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I found some examples of conditional clauses whose translation may include the word "would". They are:

  • Si Marcus Iuliam amet, ea eum amet.

If Marcus should [perhaps ever some day] love Julia, she would love him.

  • Si Marcus Iuliam amaret, ea eum amaret.

If Marcus loved Julia [but he doesn't love her now], she would love him [but she doesn't love him now].

  • Si Marcus Iuliam amavisset, ea eum amavisset.

If Marcus had loved Julia, she would have loved him.

That makes me think that a sentece like "I would do that" can be formed in Latin with the present subjunctive (first example) or the imperfect subjunctive (second example).

In general, what is the equivalent to the "conditional tense" of other languages, for example, French "Je le ferais"; Italian "Lo farei"?.

Also (and the reason of the third example), in English there is another conditional clause which is a combination of the second and third conditional (second and third example). An example could be:

  • If he had not had luck, he would not be alive.

How can this be translated to Latin?

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    It's absolutely fine to say "Mārcus sī nōn fēlīx fuisset, non inter vīvōs versārētur" or whatever. I'm leaving this as a comment because I don't know the answer to the first part of your question—that is, I've seen BOTH the present subjunctive and the imperfect subjunctive in Latin used for "I would do that," and I have yet to figure out what the difference is. – Joel Derfner Sep 22 '17 at 6:17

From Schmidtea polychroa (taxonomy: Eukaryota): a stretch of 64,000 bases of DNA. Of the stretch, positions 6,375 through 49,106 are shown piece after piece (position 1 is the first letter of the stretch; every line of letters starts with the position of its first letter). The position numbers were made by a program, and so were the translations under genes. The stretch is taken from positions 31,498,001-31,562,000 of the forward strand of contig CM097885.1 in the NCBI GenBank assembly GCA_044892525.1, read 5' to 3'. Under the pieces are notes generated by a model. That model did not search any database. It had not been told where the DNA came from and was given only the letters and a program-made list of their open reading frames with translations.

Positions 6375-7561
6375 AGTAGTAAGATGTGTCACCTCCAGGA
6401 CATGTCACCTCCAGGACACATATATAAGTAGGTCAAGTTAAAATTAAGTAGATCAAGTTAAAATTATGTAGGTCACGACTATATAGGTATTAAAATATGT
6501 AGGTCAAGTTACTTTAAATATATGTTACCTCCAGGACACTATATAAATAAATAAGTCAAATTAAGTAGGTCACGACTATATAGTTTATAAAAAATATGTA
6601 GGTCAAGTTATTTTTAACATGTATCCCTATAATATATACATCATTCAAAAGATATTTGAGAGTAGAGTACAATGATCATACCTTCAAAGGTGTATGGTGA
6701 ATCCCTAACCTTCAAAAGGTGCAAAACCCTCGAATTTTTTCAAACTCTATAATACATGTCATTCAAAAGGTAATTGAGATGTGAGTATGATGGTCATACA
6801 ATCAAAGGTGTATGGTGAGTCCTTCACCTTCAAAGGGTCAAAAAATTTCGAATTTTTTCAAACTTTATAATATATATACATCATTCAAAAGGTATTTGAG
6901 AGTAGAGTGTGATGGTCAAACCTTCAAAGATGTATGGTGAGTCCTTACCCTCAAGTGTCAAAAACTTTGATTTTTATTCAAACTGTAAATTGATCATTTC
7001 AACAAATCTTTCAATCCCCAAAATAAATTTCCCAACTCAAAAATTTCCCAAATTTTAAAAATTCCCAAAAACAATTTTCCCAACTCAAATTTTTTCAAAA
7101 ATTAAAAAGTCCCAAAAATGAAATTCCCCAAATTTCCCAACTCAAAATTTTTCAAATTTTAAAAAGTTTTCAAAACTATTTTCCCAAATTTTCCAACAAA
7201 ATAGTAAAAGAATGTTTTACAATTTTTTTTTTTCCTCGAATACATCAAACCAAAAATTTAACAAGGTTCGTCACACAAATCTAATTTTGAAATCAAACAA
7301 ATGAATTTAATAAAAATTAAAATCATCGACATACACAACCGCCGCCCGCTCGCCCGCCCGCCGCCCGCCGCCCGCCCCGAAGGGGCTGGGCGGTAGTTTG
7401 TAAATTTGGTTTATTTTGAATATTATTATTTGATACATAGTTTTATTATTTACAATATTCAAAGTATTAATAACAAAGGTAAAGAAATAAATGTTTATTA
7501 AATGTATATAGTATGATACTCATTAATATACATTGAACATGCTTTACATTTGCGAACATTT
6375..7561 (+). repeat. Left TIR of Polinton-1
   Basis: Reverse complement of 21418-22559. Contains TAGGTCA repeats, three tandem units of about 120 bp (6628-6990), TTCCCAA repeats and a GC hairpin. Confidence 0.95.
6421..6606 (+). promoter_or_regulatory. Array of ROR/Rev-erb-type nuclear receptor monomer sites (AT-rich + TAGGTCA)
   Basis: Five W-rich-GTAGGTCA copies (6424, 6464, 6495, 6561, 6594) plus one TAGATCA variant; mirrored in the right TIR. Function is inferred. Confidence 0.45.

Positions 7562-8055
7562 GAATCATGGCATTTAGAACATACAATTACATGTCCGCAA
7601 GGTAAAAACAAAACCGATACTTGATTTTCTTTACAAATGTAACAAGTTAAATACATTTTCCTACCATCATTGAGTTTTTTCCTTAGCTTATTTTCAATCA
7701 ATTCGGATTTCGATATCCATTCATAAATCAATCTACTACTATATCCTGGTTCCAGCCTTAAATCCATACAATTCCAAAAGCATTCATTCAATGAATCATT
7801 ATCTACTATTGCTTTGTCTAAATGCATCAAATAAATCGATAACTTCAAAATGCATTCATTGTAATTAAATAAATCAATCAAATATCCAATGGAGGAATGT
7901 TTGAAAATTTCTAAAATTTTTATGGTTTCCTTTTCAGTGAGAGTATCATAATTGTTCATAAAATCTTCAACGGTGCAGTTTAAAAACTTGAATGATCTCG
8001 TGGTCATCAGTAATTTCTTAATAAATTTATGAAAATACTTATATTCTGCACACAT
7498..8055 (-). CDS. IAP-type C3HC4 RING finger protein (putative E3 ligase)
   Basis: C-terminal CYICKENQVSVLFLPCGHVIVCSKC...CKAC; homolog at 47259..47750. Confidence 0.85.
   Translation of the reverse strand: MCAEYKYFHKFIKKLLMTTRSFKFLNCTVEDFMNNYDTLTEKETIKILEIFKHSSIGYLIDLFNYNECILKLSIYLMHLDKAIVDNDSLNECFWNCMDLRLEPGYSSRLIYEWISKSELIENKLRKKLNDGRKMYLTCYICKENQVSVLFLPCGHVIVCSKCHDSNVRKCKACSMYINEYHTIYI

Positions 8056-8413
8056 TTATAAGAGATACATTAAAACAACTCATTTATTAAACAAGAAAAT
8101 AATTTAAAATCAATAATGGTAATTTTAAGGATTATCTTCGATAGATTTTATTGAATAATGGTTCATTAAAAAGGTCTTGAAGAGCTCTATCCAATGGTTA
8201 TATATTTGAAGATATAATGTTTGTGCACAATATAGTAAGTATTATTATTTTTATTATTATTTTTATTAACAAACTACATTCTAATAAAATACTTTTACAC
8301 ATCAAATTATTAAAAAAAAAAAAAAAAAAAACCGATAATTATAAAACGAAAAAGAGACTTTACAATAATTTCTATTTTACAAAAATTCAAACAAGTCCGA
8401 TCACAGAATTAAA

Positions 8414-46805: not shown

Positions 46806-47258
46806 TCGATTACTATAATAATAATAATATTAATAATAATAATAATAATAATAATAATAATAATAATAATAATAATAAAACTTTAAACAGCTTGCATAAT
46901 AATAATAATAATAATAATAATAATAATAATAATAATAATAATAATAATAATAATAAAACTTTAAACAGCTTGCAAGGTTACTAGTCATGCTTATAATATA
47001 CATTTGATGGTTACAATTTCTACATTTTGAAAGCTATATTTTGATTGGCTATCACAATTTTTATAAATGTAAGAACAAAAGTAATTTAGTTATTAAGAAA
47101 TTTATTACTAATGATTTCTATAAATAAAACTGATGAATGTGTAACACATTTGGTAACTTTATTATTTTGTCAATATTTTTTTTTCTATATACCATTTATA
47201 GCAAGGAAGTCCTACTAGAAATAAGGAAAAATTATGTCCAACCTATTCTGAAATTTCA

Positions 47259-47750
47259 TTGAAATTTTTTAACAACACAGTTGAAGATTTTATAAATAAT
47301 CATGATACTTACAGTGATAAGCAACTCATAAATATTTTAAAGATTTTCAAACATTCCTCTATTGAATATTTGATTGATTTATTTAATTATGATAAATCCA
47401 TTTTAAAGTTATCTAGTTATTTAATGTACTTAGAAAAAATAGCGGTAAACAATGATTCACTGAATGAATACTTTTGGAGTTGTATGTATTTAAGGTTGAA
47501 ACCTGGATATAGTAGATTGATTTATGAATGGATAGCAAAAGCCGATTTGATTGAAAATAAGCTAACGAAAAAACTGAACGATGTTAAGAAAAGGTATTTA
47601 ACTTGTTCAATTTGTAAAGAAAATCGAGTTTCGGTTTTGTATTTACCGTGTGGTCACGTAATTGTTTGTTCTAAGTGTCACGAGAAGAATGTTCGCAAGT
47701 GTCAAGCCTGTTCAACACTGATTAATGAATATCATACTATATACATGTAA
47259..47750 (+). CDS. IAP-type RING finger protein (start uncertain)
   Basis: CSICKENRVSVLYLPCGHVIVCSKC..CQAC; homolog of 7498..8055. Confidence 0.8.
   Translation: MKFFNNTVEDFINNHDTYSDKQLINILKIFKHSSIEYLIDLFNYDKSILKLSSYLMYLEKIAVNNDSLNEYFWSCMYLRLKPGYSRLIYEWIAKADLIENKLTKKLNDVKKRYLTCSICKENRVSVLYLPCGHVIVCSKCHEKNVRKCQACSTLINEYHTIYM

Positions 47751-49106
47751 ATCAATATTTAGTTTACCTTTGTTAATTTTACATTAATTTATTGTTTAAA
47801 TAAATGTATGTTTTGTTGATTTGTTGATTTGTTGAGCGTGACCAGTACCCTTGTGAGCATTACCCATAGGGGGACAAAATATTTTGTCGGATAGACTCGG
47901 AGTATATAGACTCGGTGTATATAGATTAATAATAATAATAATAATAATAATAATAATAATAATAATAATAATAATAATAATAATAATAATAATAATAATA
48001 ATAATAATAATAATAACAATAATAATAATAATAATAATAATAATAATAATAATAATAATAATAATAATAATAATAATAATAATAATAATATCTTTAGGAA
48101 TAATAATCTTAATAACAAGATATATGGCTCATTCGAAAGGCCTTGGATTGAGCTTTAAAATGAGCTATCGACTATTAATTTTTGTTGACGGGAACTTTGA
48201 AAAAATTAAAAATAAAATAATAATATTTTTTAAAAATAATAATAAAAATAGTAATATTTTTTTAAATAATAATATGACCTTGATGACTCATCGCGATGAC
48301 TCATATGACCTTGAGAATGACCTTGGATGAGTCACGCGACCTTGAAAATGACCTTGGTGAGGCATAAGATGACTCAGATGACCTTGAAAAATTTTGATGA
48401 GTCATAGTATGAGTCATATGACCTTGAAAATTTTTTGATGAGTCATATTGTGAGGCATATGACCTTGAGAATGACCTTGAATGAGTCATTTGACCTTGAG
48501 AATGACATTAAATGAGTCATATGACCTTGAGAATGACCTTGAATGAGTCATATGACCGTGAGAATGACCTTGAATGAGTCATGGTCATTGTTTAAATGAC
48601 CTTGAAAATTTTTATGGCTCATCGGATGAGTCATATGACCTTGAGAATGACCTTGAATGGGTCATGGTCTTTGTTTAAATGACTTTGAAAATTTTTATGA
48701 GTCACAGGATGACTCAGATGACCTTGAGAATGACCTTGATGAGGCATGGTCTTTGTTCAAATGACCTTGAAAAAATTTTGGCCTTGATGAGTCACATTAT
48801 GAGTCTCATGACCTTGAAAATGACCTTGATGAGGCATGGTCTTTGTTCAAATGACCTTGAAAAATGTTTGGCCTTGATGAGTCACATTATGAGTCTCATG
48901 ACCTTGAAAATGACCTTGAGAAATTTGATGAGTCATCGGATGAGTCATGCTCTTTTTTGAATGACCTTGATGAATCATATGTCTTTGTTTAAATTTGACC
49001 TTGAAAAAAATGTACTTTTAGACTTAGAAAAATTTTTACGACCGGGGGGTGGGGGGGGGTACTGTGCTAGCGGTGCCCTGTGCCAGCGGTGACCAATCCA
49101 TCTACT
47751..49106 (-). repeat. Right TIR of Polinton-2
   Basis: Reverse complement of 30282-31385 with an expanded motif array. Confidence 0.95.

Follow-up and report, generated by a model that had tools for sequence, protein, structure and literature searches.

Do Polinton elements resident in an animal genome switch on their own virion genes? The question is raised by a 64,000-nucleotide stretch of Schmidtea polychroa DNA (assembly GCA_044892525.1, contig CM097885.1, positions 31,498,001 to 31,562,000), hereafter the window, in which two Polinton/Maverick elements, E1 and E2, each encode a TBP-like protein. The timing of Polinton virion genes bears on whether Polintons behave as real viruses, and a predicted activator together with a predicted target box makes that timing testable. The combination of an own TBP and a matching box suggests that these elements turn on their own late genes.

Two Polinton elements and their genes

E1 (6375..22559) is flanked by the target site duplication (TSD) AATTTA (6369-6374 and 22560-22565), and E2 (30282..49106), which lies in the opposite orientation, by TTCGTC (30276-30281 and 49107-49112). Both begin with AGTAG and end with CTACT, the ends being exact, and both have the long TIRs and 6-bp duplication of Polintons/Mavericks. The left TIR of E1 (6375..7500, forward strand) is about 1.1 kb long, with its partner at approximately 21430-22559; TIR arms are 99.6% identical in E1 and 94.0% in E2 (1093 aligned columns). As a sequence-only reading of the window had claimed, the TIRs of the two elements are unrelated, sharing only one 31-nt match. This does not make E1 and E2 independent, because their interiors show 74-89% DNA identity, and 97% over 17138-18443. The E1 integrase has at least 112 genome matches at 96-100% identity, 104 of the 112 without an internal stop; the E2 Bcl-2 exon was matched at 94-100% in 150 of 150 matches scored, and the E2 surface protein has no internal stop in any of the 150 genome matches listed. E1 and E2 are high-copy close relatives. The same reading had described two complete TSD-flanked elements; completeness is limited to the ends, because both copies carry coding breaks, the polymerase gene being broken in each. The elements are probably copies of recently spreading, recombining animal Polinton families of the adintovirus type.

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So what's going on here is that 19th century Latin textbooks never caught up with the 20th century. Toss all the "would/should" nonsense. That's not how we talk anymore. Here's how we would translate these things today:

Present (potential) subjunctive:

Si Marcus Iuliam amet, ea eum amet.

If Marcus were to love Julia [which is one of the options open to him], she would love him.

Imperfect (contrafactual) subjunctive:

Si Marcus Iuliam amaret, ea eum amaret.

If Marcus loved Julia [which he doesn't], she would love him.

The crucial difference here is in the protasis (that is, the "if" clause). Though the potential subjunctive here (marked by the present) can be translated if he loved or if he were to love, the contrafactual subjunctive (marked by the imperfect) cannot be translated if he were to love.

As far as I can remember, French and Italian have no equivalent for this use of the present subjunctive. However, my French and Italian are VERY rusty, so I could be completely wrong about this.

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